Steely Dan Electrifying

By Liz Braun
Toronto Sun

For two spectacular hours on Saturday night, Steely Dan brought their unique blend of rock, R&B and jazz to happy fans at the Sony Centre.

The band stepped up and tossed off “Black Cow,” “Aja” and “Hey Nineteen” for openers, finally getting people in the crowd up and dancing in their seats by the third song.
Original Dans Donald Fagen and Walter Becker were backed by an impressive band described by Becker as, “The best we ever had — they can rock the house,” and that’s exactly what they proceeded to do.

Early on, Becker offered a rambling and very funny speech to the audience, an extended “Hello Toronto” that began, “It’s pretty much the end of the summer.”

What sounded like a meditation on age and time somehow turned into a comic riff on freak weather and tequila; thereafter, everyone went back to the task at hand and the show resumed with “Black Friday,” “Rikki Don’t Lose That Number” and “Show Biz Kids,” each song punctuated by jaw-dropping solos. Did we mention that the Steely Dan band — eight musicians, three vocalists — is electrifying?

Particular standouts are guitarist Jon Herington and saxophonist Walt Weiskopf. And Keith Carlock on drums. And everybody else.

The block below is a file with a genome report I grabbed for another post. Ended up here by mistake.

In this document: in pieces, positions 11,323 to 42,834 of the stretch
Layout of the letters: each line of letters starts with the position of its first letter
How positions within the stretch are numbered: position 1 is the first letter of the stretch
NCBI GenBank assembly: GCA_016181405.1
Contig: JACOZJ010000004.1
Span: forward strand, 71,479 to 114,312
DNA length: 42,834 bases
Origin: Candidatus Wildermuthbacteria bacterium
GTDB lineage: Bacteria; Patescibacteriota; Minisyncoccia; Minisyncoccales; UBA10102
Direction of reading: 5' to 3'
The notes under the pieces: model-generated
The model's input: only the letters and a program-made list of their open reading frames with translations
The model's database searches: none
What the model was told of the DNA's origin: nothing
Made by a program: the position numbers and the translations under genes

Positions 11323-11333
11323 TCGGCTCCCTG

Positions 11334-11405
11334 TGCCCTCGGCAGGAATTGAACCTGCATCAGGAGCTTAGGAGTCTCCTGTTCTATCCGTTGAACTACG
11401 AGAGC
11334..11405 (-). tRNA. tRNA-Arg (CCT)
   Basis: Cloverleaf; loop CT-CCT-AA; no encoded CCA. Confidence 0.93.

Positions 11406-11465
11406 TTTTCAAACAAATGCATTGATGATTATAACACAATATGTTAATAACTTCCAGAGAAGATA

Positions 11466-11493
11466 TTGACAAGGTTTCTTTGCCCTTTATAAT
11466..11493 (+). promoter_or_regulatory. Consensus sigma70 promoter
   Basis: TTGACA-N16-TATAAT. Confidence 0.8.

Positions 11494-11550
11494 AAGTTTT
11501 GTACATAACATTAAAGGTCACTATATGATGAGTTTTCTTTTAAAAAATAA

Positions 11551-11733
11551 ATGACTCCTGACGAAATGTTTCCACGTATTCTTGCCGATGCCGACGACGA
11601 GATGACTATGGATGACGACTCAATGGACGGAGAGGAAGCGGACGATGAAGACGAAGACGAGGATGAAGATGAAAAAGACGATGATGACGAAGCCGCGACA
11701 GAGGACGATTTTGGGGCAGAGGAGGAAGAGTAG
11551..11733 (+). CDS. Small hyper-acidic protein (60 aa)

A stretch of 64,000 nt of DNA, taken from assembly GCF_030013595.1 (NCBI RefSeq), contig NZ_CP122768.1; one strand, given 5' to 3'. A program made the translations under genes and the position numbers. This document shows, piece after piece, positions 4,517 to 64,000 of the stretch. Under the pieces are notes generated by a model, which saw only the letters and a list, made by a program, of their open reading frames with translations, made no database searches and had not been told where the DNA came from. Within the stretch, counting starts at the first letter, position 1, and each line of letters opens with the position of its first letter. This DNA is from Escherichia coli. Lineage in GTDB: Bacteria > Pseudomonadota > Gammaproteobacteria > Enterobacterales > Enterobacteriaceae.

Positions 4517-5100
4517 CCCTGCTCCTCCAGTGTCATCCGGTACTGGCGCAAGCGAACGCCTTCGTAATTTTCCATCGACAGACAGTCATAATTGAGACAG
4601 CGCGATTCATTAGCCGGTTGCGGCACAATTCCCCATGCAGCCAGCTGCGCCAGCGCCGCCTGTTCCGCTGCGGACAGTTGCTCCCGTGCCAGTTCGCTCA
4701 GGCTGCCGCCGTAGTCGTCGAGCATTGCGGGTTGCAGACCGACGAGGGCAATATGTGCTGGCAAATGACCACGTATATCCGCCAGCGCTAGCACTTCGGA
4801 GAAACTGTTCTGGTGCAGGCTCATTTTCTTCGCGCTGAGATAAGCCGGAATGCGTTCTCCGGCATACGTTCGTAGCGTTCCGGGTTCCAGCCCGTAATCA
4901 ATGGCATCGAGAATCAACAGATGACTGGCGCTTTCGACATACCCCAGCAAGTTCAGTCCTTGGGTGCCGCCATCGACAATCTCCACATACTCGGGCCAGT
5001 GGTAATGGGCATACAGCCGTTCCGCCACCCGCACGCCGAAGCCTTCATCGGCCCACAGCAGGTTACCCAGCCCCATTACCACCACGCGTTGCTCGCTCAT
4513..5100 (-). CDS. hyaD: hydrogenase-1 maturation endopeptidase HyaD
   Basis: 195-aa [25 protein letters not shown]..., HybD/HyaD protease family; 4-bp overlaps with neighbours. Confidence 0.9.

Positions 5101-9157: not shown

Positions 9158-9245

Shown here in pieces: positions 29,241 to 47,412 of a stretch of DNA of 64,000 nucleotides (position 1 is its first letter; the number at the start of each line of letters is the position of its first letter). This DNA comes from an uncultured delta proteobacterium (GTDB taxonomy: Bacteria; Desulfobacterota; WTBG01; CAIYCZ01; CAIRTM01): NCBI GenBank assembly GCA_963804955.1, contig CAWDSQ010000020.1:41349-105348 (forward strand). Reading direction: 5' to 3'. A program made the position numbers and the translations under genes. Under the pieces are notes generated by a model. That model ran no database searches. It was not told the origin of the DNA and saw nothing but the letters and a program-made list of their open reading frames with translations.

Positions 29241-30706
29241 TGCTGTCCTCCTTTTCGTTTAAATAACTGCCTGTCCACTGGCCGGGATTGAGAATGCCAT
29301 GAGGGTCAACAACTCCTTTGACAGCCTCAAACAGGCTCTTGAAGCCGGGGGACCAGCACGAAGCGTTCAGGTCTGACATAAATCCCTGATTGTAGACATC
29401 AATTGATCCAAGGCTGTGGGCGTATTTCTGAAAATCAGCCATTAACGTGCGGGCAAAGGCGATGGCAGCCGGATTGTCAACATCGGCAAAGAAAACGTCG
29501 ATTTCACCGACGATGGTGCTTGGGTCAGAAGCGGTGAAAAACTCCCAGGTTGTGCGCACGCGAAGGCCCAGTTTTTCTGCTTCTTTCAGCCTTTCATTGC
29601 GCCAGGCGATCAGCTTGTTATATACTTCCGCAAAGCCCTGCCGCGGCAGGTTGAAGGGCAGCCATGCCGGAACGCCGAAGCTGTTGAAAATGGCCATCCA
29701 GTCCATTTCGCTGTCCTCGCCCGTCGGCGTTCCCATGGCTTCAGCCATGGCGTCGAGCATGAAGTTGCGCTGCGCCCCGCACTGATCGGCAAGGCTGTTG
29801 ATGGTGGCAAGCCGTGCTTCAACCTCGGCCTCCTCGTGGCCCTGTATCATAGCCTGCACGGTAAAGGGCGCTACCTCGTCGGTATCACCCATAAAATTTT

Most of the players have been a part of the Steely Dan world for over a decade.

La Tanya Hall, Carolyn Leonhart and Cindy Mizelle, amusingly referred to as “The Danettes” by Donald Fagen, were the backup singers; just how huge a misnomer that is becomes obvious after these women shared lead vocals on “Dirty Work.”

Saturday’s show included songs such as “Janie Runaway,” “Daddy Don’t Live In That New York City No More” (with Becker on lead laconic vocals) “Babylon Sisters,” “Josie” and “Peg.” With “Peg,” some kind of Canadian reserve dam broke, inspiring various baby boomers to get up and rush into the aisles to dance. This did not sit well with security, who wanted people kept back from the stage; that left a handful of young guys on security detail wrangling concert miscreants the same age as their parents.

“My Old School” and “Reelin’ In The Years” were big crowd pleasers, as was “Kid Charlemagne.”

Opening the show at the Sony Centre: Bobby Broom and his trio, The Bobby Broom Organi-Sation.

It’s still surreal to see Steely Dan in concert. Even though they tour regularly now, it should be remembered that these guys were heard but not seen during at least 20 of the 40 years they’ve been around. For all the complex lyrics and yearning harmonies, the overall result is still exhilaration.

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